Holiday label promotions that contain hearts, shamrocks, Christmas trees or Jack-o-Lanterns have obvious seasonal connotations. The wine market, however, occupies a classier space where holiday iconography can damage the credibility of a brand. Candy can be cutesy, but vino? Your company likely wants to position itself to appear as refined and elegant as possible. However, it's possible to capitalize on the changing seasons with labels that evoke spring, summer, winter and fall.
Consider food pairings. Some foods, like fresh salads and seafood, are considered "summery" dishes. On the other hand, wine drinkers may dig into hearty steaks or roasts through the colder months.
"Food is absolutely seasonal," explains the One Hope organization. "At the very least, there are cold weather and warm weather dishes. So a basic approach is to choose wines that pair better with cold weather dishes in the winter and the opposite in the summer."
Take the temperature. Wines that taste best chilled might be more appropriate for a summer picnic, for example, than a robust red. Conversely, a full-bodied cabernet or merlot might be perfect to use for mulled wine around the holidays. Whether you recommend a springy, refreshing champagne cocktail or a relaxing glass to enjoy by the fire, these suggestions reflect the time of year subtly.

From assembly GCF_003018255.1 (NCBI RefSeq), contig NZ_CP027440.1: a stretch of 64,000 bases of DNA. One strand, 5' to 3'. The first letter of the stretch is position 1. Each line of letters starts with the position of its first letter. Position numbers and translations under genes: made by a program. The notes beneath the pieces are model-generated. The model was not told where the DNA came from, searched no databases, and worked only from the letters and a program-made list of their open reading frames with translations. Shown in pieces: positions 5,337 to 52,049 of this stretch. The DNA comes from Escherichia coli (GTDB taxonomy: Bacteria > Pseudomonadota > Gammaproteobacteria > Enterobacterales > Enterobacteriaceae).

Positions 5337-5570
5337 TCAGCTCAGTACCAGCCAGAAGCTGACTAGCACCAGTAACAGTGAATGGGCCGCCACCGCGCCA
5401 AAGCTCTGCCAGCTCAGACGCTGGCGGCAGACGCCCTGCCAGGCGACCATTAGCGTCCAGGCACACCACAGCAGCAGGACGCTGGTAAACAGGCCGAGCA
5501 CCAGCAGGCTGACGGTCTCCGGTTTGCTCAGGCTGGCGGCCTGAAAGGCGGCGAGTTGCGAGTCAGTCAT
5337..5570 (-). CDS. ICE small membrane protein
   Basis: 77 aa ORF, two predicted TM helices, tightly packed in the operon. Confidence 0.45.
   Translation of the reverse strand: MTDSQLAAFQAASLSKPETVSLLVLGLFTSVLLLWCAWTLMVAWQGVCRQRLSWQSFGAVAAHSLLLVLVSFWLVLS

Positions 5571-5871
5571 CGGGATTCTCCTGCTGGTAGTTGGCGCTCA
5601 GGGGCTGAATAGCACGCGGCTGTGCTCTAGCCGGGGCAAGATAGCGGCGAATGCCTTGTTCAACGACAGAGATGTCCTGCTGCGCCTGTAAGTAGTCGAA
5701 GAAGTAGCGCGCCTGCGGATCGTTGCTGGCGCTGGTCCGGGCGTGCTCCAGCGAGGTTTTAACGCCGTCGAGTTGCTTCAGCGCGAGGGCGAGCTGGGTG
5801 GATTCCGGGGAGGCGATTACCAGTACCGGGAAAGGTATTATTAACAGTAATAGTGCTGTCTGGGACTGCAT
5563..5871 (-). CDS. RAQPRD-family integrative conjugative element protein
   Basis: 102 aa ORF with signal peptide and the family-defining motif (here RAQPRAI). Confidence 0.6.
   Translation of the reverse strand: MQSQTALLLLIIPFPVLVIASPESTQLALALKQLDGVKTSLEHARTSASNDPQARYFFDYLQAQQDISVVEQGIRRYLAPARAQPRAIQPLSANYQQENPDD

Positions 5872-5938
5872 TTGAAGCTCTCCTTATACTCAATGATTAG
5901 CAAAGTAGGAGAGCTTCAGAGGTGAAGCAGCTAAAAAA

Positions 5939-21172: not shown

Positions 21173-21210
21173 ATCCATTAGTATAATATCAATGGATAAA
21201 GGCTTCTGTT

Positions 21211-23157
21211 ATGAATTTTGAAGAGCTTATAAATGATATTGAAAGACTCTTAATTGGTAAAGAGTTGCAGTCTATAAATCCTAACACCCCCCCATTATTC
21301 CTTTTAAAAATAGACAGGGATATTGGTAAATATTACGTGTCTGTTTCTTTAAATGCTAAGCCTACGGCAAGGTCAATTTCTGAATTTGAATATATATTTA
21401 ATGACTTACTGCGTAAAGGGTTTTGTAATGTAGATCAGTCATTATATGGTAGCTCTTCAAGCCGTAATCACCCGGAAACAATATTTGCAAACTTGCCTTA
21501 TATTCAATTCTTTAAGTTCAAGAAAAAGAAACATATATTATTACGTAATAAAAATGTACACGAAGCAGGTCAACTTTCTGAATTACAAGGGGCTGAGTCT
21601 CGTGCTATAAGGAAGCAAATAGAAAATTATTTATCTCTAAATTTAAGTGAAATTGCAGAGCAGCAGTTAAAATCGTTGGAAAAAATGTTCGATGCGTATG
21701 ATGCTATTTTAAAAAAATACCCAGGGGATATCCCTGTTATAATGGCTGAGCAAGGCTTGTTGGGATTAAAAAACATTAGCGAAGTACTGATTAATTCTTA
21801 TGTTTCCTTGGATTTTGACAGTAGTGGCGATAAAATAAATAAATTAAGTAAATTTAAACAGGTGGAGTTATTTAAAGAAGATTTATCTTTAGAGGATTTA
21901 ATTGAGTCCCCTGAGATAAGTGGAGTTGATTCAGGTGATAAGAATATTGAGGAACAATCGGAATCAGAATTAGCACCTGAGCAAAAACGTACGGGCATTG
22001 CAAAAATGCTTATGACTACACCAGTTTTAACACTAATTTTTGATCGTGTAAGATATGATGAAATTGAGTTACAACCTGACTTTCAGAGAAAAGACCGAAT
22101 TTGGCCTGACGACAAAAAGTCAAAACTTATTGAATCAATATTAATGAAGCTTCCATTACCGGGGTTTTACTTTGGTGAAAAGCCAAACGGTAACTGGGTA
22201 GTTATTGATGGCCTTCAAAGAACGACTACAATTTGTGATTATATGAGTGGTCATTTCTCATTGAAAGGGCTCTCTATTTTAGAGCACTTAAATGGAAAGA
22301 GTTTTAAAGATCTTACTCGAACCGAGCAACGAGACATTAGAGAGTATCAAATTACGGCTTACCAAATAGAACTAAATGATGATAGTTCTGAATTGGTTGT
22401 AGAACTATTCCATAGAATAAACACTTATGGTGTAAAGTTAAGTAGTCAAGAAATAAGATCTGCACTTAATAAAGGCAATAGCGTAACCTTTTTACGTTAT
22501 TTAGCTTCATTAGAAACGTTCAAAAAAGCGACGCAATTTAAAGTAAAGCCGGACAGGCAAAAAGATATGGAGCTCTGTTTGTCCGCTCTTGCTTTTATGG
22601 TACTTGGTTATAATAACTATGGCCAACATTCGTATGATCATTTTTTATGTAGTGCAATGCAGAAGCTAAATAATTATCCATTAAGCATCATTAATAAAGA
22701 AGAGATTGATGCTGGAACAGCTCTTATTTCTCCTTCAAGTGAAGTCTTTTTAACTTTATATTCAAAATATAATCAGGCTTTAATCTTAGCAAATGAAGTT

Recommend flavor notes. A floral bouquet may evoke the scents and tastes of spring, whereas a woody variety might leave an autumnal impression. If a bottle of wine is labeled to suggest a seasonal application, consumers may think to buy it ahead to enjoy on the first 70 degree day of the year.
For food labeling, including beverages and spirits, companies with an industrial label printer can devise thoughtful marketing strategies that capitalize on the time of year.